The Quantum Leap sequel series couldn’t help but feel a little manufactured. Made-in-a-lab. Only because the original show was so utterly weird and idiosyncratic that any return to the story was going to feel a little over-produced. But having watched the pilot, “July 13th, 1985”, I think the sequel is off to a good start, heading in an interesting direction—and the cast more than makes up for any initial bumps in the quantum accelerator.
I begin this essay with a confession: I have not yet read all of David Mitchell’s work. I’m going to, but I live in the tension between wanting to ingest all of it so it’s in my head, and wanting to ration his books out so I always have one to look forward to. Because of this I hesitate to write about him—I know I’m missing stuff, but also I want to miss stuff.
Does that make sense?
This is my roundabout way of explaining that in this month’s TBR Stack I’m going to look at Utopia Avenue, but just one specific thread of Utopia Avenue. I’m going to dig into spoilers for Utopia Avenue, The Bone Clocks, Slade House, A Tale of Two Cities, and, possibly, human civilization.
Today is Star Trek Day, and Paramount+ celebrated with a day of conversations with the various Star Trek cast members, along with some sneak peeks of upcoming episodes, brand new images, and backstage tours. Check out news for Strange New Worlds and Picard, and read on for highlights from Lower Decks, Prodigy, and Discovery!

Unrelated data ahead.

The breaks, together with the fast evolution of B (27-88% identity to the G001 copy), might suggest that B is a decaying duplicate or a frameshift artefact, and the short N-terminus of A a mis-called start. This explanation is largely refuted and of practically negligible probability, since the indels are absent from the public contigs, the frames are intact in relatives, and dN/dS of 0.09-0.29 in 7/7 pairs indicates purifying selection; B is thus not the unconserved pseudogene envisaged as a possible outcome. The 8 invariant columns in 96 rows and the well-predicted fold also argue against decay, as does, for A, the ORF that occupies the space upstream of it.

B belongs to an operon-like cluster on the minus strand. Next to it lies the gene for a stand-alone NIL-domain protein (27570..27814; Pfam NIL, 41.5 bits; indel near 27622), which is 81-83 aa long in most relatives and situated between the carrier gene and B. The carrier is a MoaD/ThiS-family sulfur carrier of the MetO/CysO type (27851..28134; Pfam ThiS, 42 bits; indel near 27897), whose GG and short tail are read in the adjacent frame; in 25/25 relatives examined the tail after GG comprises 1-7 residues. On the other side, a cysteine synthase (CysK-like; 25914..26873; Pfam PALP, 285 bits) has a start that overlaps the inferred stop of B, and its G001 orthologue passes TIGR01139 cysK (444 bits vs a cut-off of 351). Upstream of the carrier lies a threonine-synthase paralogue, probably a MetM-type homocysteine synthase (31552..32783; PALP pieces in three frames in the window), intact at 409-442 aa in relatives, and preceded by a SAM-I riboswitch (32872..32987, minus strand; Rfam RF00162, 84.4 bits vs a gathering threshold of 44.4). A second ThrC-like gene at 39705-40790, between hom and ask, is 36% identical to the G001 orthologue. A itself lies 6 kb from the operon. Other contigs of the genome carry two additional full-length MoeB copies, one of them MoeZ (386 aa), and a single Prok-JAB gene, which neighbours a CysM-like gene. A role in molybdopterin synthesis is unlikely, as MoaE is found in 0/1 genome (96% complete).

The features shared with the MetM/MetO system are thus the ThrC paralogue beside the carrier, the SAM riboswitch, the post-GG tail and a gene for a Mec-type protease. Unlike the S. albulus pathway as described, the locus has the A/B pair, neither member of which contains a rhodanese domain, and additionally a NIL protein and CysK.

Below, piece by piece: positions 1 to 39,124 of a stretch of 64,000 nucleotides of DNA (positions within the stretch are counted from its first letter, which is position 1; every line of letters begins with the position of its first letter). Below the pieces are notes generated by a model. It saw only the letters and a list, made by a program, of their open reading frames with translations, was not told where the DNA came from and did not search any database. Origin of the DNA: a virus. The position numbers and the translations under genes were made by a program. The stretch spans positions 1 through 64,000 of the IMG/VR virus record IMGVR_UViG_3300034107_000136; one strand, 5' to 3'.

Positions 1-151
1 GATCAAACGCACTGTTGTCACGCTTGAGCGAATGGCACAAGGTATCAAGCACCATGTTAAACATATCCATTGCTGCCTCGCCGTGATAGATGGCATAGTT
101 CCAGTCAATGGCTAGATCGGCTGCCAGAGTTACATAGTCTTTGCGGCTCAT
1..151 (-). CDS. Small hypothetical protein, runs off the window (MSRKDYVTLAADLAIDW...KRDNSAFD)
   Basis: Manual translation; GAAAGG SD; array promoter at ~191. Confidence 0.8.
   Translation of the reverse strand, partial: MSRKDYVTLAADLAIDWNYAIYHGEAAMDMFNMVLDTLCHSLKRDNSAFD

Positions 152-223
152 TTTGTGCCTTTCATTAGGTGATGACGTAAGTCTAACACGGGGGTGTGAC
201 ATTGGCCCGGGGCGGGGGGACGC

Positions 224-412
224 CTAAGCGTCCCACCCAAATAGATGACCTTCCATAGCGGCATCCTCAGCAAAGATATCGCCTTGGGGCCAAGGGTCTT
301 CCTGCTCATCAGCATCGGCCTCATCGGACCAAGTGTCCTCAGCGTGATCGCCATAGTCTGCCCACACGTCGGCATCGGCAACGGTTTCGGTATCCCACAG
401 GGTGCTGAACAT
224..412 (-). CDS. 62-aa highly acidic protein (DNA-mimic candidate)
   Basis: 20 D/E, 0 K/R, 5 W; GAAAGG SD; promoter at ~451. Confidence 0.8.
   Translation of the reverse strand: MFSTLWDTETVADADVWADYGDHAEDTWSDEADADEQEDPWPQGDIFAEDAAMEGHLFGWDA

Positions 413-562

The Black Phone was pretty much made in a lab for me. Between the retro setting, the violent, foul-mouthed kids, the objectively real presence of the supernatural, the fraught family dynamics, Ethan Hawke—it’d be weird if I didn’t like it. That’s why it makes me extra happy to say that The Black Phone genuinely creeped me out.
I seem to be un-scare-able. Hereditary didn’t phase me, I love The Evil Dead, I’ve written already about my fondness for Poltergeist, I’ve seen The Exorcist 167 times, and it keeps getting funnier every single time I see it.
Which is why I was surprised at myself when I needed to pause The Black Phone. More than once.
We got a surprise episode of The Sandman! The adaptation of “A Dream of A Thousand Cats” and “Calliope” premiered on Netflix on Friday, and, like the rest of the series, was a strong adaptation of the comic that sometimes even improved on its source.
As my discussion of the episode deals with the choices made in adaptation, it is necessarily spoiler-y! So if you haven’t watched the episode yet, and plan to, please come back to this one at a later date.
I’m not sure that Glorious is a good film, exactly. It’s fun for most of its runtime, and weird, and, somehow, by the end, emotional. I’m not sure it always works. But I’m glad I watched it, and I think horror fans will find a lot to like.
Mostly I’m glad that Glorious exists. The last few years have seen amazing additions to the horror canon, and the fact that a small movie can be unapologetically gross and splatter-y, but also make a big thematic swing, and mostly work, and find large-scale distribution, makes me very, very happy. Join me in the rest stop bathroom for a non-spoiler review, won’t you? (I’ve included a few images that might be NSFW, depending on your line of W, so please be aware of that.)